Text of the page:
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In which I continue to seek part time employment as the ruler of the world.

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Category archive: Cats and kittens

Friday April 24 2015

I’d been meaning to check out that big Shiny Thing outside in the courtyard of the Royal Academy in Piccadilly, ever since Mick Hartley gave it a mention at his blog, with a photo, way back on April 8th.  Earlier this week I finally got around to doing this, and I took lots of the usual photographs that you would expect me to have taken, of which these are two:

imageimage

Click on the left, and that shows what this Shiny Thing is like, in its present context.  I loved the Shiny Thing itself, as my picture on the right illustrates.  In there I see things like Darth Vader.  And, rather smaller, I think I also see a naked woman there.  Also, there is something vaguely feline about this shape, with its pointing ear-like attachments.  Endless photographic fun, especially with the evening light warming up the colours of the surrounding courtyard buildings.

But, I found the rest of this agglomeration rather less interesting.  If the idea was to create some interesting reflections, then blander shapes next to the Shiny Thing would have worked better.  As it is, the wooden pointy thing, in itself nice enough, is by comparison rather mundane and the black frame that the wooden pointy thing and the Shiny Thing are held up by is ungainly, obtrusive and, to me, when I actually saw it, downright ugly.  I mean, did the creator of the equally shiny Chicago Bean feel the need to stick a lot of other crap right next to it to be reflected in it, given that there was already a city there?  No he did not.

But I guess if you are Frank Stella Hon RA, one of the most important living American artists, you feel the need to do something arbitrary.  Mere Platonic symmetry doesn’t do it.  A merely beautiful Shiny Thing won’t serve your purpose.  It would dilute your brand.  Anyone could have done that.  There had to be something there which would get people saying: Why did he do that?  Come to that, who the hell is he?  So that they can be told that it was done by Frank Stella Hon RA, one of the most important living American artists, and so that Frank Stella Hon RA, one of the most important living American artists, can supply an answer about what he thought he was doing when he, Frank Stella Hon RA, one of the most important living American artists, did what he did, like this:

The contrasting materials employed in the sculpture, the natural wood against the highly finished metal, the differing treatments of space in the line-drawn star and the round curves of the solid star, create a tension and sense of the works being both repelled and attracted to each other at a fixed distance by an invisible force field.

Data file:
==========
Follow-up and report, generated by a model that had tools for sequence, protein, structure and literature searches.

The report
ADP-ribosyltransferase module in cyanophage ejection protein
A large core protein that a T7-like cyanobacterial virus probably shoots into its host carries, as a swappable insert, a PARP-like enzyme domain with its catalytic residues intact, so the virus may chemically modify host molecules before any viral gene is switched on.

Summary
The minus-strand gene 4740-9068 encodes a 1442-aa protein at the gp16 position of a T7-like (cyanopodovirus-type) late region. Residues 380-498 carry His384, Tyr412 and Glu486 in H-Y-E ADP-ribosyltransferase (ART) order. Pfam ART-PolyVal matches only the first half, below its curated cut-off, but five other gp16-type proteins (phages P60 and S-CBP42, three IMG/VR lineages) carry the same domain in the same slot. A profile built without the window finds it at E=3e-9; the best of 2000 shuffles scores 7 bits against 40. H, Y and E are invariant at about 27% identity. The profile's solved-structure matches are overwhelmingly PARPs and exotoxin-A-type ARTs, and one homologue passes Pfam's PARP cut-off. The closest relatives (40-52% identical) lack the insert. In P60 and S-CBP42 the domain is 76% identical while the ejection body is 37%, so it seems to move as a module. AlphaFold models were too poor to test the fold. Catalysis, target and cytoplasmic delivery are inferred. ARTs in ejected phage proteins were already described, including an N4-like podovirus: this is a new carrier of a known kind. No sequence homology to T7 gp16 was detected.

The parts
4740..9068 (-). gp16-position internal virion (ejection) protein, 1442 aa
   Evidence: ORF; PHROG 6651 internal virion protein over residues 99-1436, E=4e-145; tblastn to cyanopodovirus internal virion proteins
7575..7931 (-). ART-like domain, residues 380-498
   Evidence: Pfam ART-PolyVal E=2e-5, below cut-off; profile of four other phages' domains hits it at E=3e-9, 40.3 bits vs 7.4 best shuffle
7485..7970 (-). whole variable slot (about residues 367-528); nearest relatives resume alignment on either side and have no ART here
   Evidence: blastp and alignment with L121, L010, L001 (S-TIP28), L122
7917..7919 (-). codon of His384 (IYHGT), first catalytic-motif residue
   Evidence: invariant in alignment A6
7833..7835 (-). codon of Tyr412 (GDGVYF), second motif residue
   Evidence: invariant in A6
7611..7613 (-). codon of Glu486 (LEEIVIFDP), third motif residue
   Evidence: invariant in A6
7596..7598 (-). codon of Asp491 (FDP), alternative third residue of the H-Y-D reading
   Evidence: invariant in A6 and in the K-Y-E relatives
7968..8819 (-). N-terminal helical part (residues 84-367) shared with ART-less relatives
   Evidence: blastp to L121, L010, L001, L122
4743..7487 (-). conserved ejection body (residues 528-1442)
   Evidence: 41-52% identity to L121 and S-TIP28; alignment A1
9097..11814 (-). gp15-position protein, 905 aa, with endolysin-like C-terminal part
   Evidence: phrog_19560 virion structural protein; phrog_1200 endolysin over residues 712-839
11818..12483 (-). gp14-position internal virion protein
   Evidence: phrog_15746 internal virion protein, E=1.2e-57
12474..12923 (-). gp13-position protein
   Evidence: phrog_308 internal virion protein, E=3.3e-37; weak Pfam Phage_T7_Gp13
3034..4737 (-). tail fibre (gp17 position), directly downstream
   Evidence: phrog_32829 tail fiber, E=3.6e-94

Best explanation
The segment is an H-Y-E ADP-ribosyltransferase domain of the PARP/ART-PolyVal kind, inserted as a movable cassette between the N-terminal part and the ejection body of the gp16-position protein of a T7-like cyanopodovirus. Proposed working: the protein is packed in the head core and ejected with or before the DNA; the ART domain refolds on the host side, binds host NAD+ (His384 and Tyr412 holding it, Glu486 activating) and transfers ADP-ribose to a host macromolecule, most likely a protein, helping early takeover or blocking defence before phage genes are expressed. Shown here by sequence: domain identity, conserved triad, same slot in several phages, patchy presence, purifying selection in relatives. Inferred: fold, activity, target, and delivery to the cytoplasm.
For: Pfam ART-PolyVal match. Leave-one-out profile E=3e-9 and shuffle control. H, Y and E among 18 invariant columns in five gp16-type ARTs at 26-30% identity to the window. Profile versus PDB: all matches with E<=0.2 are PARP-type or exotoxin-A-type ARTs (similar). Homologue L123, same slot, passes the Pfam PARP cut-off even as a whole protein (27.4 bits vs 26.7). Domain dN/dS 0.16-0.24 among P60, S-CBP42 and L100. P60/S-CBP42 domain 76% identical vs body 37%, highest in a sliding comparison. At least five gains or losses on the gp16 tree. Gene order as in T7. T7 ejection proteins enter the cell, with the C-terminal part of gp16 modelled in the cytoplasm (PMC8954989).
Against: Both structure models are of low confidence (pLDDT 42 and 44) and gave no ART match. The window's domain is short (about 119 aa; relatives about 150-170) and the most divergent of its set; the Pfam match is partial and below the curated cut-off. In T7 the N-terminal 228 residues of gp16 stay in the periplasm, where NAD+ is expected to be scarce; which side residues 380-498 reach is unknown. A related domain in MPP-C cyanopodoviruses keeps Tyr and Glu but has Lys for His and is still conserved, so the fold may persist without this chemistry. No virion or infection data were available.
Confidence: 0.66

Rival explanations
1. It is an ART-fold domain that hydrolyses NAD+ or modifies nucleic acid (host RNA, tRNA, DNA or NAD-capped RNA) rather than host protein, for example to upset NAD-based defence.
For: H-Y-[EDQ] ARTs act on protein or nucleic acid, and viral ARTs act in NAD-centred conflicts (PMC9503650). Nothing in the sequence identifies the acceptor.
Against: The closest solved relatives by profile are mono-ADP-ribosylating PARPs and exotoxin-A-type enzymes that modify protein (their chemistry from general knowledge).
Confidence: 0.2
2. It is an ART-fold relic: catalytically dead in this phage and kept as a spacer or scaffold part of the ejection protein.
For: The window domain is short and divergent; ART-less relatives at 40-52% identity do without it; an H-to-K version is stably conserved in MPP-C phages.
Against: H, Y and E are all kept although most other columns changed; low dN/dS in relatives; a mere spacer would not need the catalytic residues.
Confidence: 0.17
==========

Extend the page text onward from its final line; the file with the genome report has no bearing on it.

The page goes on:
Maybe if I go back and take some more snaps of this Shiny Thing, I will decide that I find the other crap next to it not so crappy after all.  The other crap certainly looks better in the shots at the other end of the link above than it did to me, on the spot. And, if it was necessary for Frank Stella Hon RA to ponder the contrasts between a wooden thing and a shiny thing and black metal stuff to get Frank Stella Hon RA, one of the most important living American artists, to have made a very entertaining Shiny Thing, then fine. Whatever it took.

Friday April 17 2015

Here, having had pride (which I think you will agree is appropriate for a big cat) of place in David Thompson’s latest collection of ephemera:

image

Originally, I think, here.  I also found more here

The catification of the internet continues.

This big cat head isn’t now for sale, apparently.  But I bet that it, or something a lot like it, soon will be.

Friday April 10 2015

After photoing the old London Model, which was the original reason (excuse?) I had visited the Building Centre, I took a look around the place to see what else was on view.

Look what I found:

image

Yes, it’s a CATableHere (at Deezen) are some prettier pictures of it, less chaotically lit.

Nut I took another picture of the Building Centre CATable which included a rather cool looking chair.  All I was thinking about when I took it was including the chair.  I liked the chair.  (I also liked how it was lit.) But this snap, quite fortuitously, turned out to make the CATable look particularly like a cat:

image

It looks like it’s got eyes, because of the accidental aignment of two of the holes, and because of the way that there is light behind.  We humans are programmed to find faces where we can, and if they can’t be human faces, maybe they can be cat faces.

The way that the CATable’s legs are done already shows that the cat resemblance is deliberate.